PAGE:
I don't know the answer to these questions. I have opinions. Everyone does. Everyone has their priorities and preferences. So now we, as a country and though our elected officials, must make choices. We have to determine what's more important. We can't have it all. We can't afford it all. This is painful. This is difficult. This is business. And this is a government doing what it has to do.

This exercise in sequestration is a great thing. It's forcing our government, from top to bottom, to be better. The FAA got a reprieve this year, but still faces cuts in the future. And they now know the public outcry that they will face if they cut the wrong services or fire the wrong people. The managers at the FAA are now forced into being more innovative and figuring out how to run their agency effectively with a little less sugar from sugar-daddy. The Department of Defense will have to do the same. And so will other departments in our government. These cuts are not devastating. They are mostly in the range of 2-5%. But they are certainly enough to force our elected officials and the bureaucrats who they've appointed into doing their jobs better and using my money, as a taxpayer, more effectively.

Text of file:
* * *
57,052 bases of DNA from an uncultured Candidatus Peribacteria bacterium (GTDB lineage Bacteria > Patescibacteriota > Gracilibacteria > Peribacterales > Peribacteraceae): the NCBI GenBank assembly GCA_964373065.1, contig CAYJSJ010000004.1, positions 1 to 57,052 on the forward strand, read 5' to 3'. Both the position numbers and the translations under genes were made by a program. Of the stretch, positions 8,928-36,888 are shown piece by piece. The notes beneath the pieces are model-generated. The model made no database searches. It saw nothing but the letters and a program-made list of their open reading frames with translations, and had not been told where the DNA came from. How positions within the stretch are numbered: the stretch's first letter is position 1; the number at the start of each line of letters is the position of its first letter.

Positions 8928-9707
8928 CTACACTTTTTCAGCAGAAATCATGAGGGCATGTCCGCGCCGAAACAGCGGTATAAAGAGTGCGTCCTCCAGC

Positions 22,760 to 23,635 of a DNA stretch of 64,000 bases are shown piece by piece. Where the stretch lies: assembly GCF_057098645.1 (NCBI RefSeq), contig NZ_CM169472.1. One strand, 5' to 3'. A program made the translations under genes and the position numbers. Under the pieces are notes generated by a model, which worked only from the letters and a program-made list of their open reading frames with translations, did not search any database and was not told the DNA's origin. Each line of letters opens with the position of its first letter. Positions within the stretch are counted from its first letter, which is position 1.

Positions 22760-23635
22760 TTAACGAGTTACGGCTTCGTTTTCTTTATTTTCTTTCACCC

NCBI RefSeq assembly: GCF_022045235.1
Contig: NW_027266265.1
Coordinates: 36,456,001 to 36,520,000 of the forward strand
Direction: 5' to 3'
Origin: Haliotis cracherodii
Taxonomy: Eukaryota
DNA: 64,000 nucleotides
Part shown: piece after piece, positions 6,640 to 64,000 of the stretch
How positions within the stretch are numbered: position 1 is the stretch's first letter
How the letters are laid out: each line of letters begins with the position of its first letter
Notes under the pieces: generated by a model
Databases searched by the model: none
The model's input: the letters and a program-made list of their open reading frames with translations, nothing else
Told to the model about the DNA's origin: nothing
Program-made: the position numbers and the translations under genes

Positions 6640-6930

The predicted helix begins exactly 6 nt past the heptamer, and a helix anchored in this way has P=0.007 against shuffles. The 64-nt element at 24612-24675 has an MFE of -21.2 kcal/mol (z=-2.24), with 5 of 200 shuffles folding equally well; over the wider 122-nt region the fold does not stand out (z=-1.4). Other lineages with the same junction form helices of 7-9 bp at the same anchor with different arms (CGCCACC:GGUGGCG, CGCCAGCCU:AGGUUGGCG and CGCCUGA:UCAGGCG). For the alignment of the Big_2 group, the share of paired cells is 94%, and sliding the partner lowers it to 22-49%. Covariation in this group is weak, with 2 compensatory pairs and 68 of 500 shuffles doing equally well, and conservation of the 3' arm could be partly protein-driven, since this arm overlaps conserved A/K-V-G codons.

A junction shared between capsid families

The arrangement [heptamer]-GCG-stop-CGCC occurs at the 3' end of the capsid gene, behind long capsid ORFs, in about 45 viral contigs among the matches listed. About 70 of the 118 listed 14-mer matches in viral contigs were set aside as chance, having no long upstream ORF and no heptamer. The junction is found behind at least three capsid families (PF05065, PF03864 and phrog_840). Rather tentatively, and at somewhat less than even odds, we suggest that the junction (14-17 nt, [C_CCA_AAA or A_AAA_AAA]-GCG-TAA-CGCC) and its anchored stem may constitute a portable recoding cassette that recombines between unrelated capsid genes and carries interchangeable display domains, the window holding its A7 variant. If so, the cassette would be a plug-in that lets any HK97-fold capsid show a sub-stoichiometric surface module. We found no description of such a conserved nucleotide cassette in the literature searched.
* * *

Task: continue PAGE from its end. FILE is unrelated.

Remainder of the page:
Is sequestration the way government should be doing business? It's exactly the way government should be doing business. Can the process be made better? No. It's perfectly imperfect. No business person would find that unusual.